The Catalan Republican Left, the biggest gainer in yesterday’s regional election, may use its leverage to reverse the austerity policies that Spain and the European Union have imposed on Catalonia and raise bank taxes.
ERC, as the party is known, will push for a new tax on banks to help fund an increase in public investment and a tax cut for the workers, leader Oriol Junqueras said at press conference in Barcelona today.
“Austerity is a mistake,” Junqueras said. “We insist on the need for a change in the budget policies.”
Junqueras’s party holds the balance of power in Catalonia after doubling the number of seats it holds in the regional parliament and will demand Catalan President Artur Mas sets out a clear timetable for a referendum on independence as a condition for any support, he said. ERC’s advances follow a surge in support for the anti-bailout Syriza party in Greece in a sign that voters are turning against the austerity policies that the EU has prescribed for southern Europe.
ERC could achieve its goals by supporting Mas from the opposition instead of joining a coalition, Junqueras said.
The party gained at the expense of Mas’s Convergencia i Unio group, which stepped up pro-independence rhetoric as the economy sputtered. Mas’s party, known as CiU, still has the most lawmakers in the 135-seat assembly after falling to 50 seats from 62. The ERC won 21 seats, up from 10.
“Those who have come out of this most strengthened are those who spoke most explicitly of independence,” Junqueras told cheering supporters in Barcelona last night.
Junqueras was greeted with cheers and chants of “In-de- pen-dence” from his supporters. After his address, the crowd raised their clenched fists as he led them in a rendition of the Catalan anthem, which is about driving away “conceited and contemptuous” intruders.
Mas has blamed tax transfers to the rest of Spain for the area’s financial woes and has pushed for independent tax collection. The region transfers 15 billion euros ($19.5 billion), or 8 percent of its output.
Since 2010 elections, Mas, whose party’s pro-business economic policies are in line with those of Spanish Prime Minister Mariano Rajoy, led a minority government. Rajoy’s People’s Party has backed his austerity budgets. The 2013 budget will be one of the new government’s first tasks.
“Politicians have been co-opted by financial interests,” Joan Tarda, an ERC lawmaker in the national parliament in Madrid, said early today in an interview at the party’s election night headquarters in Barcelona. “We need to put controls on speculative activity through new taxes, through green taxes. We need a different policy on the revenue side.”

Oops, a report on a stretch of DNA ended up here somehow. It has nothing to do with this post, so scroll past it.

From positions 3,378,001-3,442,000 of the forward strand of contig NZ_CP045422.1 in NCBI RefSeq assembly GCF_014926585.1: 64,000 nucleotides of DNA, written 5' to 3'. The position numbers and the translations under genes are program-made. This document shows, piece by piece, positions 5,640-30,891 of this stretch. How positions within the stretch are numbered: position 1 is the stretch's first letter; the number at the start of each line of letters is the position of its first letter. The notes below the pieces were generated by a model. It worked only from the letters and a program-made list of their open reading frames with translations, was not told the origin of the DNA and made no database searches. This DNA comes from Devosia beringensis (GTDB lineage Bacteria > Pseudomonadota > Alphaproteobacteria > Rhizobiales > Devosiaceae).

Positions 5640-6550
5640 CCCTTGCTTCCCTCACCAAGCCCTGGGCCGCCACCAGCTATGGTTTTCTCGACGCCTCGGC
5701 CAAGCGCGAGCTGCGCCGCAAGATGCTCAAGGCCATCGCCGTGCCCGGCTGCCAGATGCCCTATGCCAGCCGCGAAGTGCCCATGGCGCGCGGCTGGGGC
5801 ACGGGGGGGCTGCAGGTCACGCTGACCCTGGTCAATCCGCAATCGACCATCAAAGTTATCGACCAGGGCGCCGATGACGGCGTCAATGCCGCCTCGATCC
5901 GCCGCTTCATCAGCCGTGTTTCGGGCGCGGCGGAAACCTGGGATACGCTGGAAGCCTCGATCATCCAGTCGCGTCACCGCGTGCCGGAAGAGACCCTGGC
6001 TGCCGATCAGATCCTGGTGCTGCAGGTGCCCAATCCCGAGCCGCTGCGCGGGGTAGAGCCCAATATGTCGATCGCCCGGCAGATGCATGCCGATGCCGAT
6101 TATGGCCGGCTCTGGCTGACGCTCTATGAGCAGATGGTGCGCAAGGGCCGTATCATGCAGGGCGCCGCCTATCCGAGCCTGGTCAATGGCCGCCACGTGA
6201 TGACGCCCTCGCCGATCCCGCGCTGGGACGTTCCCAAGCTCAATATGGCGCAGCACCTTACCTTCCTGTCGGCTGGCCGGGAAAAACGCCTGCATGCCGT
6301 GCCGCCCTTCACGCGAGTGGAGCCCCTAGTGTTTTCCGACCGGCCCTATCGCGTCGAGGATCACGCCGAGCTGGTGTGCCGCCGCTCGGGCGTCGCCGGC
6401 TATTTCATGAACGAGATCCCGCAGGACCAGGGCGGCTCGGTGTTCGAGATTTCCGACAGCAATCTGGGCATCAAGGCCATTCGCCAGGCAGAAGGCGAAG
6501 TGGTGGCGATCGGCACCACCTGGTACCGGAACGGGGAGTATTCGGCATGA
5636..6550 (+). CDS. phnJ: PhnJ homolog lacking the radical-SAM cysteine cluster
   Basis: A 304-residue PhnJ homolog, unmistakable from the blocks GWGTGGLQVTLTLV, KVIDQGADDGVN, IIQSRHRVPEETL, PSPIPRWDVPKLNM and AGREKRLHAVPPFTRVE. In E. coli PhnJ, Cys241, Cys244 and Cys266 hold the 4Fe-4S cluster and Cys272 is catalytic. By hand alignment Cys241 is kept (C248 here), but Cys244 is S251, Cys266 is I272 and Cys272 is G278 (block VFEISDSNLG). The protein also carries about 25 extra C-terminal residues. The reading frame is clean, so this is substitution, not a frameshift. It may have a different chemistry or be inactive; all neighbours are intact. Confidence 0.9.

Debts acquired as a result of speculative activity may be “illegitimate” and borrowers should reach a “settlement” with their creditors, he said.
The 7.5 million Catalans make up 16 percent of the Spanish population and last year contributed 19 percent of the country’s economic output. Madrid is the second-biggest regional economy, with 18 percent of national output. Catalonia, the country’s most-indebted region, was cut to junk by Moody’s Investors Service on Aug. 31.
The fallout from Europe’s debt crisis has shut Catalonia out of financial markets, making it more dependent on the central government, while at the same time fueling the campaign to break away. Mas, who says Catalonia can have a “brilliant” future alone rather than a “gray” one as part of Spain, was forced to ask Rajoy for a 5 billion-euro lifeline this year.
To contact the reporter on this story: Ben Sills in Barcelona at email@example.com
To contact the editor responsible for this story: James Hertling at firstname.lastname@example.orgERC leader Oriol Junqueras, center, told cheering supporters in Barcelona, “Those who have come out of this most strengthened are those who spoke most explicitly of independence.” Photographer: Quique Garcia/AFP/Getty Images Nov. 26 (Bloomberg) -- Jaume Ventura, a professor at University Pompeu Fabra, talks about the Catalan election results and the region's bid for independence. He speaks from Barcelona with David Tweed on Bloomberg Television's "Countdown." (Source: Bloomberg)